There are a number of short stories gathered in this horror collection, and they cover a wide range of subject matter. Like the best horror stories, they offer a mix of catalysts, problems and outcomes, and they are all distinct and captivating. Whether you’re reading about a young man who is doing something foolish in his attempts to join a fraternity or a medicine man desperate to help his people, you’ll see how the deck is stacked against even the most favorable protagonists, leading to outcomes that are at times unexpected and at other times unfavorable. That’s part of the beauty of reading books in a collection; you can never get too comfortable, because nobody is safe, and the reader soon knows it. It also gives you a chance to appreciate one story referencing events in another story that appeared earlier in the collection. The threads that tie these tales together are at times obvious and at other times subtle.
If I were to sum this collection up with a theme, it would be about belonging. Matt is desperate to join that fraternity. Desperate enough to agree to spend the night alone in one of the most haunted places he’s ever been to. Others, like the medicine man in ‘Animal Sounds’, do belong, and their commitment to their people prompts them to risk their life to save everyone else. Then there is the pretendian in ‘Gator Bait’, who is scamming audiences night after night with his claim that he is Indigenous and that he is a great alligator wrestler. And much as Ferdnando lays claim to the land and all that is in it, can ever truly belong the way that Indigenous woman Tacachale does? ‘The Bride’ also touches on belonging; our desire to belong to another, and what someone—or something—might do if another person comes between us and the one we desire.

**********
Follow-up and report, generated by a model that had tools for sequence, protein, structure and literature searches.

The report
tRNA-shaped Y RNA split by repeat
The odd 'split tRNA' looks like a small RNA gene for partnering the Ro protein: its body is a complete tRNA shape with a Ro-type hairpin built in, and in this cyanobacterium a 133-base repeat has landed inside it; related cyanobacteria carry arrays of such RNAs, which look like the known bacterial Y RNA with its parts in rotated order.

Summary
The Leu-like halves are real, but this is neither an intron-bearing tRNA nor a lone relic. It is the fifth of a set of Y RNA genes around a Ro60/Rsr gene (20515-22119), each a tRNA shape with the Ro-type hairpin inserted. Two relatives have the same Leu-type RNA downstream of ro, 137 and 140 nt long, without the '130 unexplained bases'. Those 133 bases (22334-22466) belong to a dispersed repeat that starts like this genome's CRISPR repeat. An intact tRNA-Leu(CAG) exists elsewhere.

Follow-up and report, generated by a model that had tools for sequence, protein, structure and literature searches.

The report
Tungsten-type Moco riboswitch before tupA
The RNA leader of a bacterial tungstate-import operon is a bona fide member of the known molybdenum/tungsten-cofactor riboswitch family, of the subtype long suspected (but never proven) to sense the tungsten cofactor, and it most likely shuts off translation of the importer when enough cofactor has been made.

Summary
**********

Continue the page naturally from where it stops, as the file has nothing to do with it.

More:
Tribal Screams also exemplifies some of the best reasons to read authors from different cultures than your own. As referenced already, there are stories with pretendians who try to claim Indigenous ancestry they do not possess, and are taught a lesson for their disrespect. Tribal Screams offers stories of European settlers and the destruction they brought with them to Turtle Island, and how their own greed sometimes led to their downfall. There are stories of Indigenous people captured and enslaved, who try to find a way to escape.
In a collection with so many great stories, there were a couple that personally stood out to me. One was ‘Ashes’. A person who is down on their luck, who has lost their way and who does something horrific in their desperation. And no matter how bad you think the consequences for their actions might be, they are infinitely worse. There are fates worse than death, as Richard discovered.
The other stand out is Nebula Award-nominated short story ‘Grass Dancer’. The story is about a young man drafted to fight in Vietnam and the disabled brother he leaves behind. It is that perfect mix of tragedy and miracle, of hope and despair, and it brought tears to my eyes.
Tribal Screams also includes the first four chapters of Coyote Rage, the first in a new series of books by Owl Goingback, guaranteed to send you back to the bookstore to buy a copy as soon as you can.
[…] If you enjoy horror, check out my review of Owl Goingback’s Tribal Screams, which can be found here. […]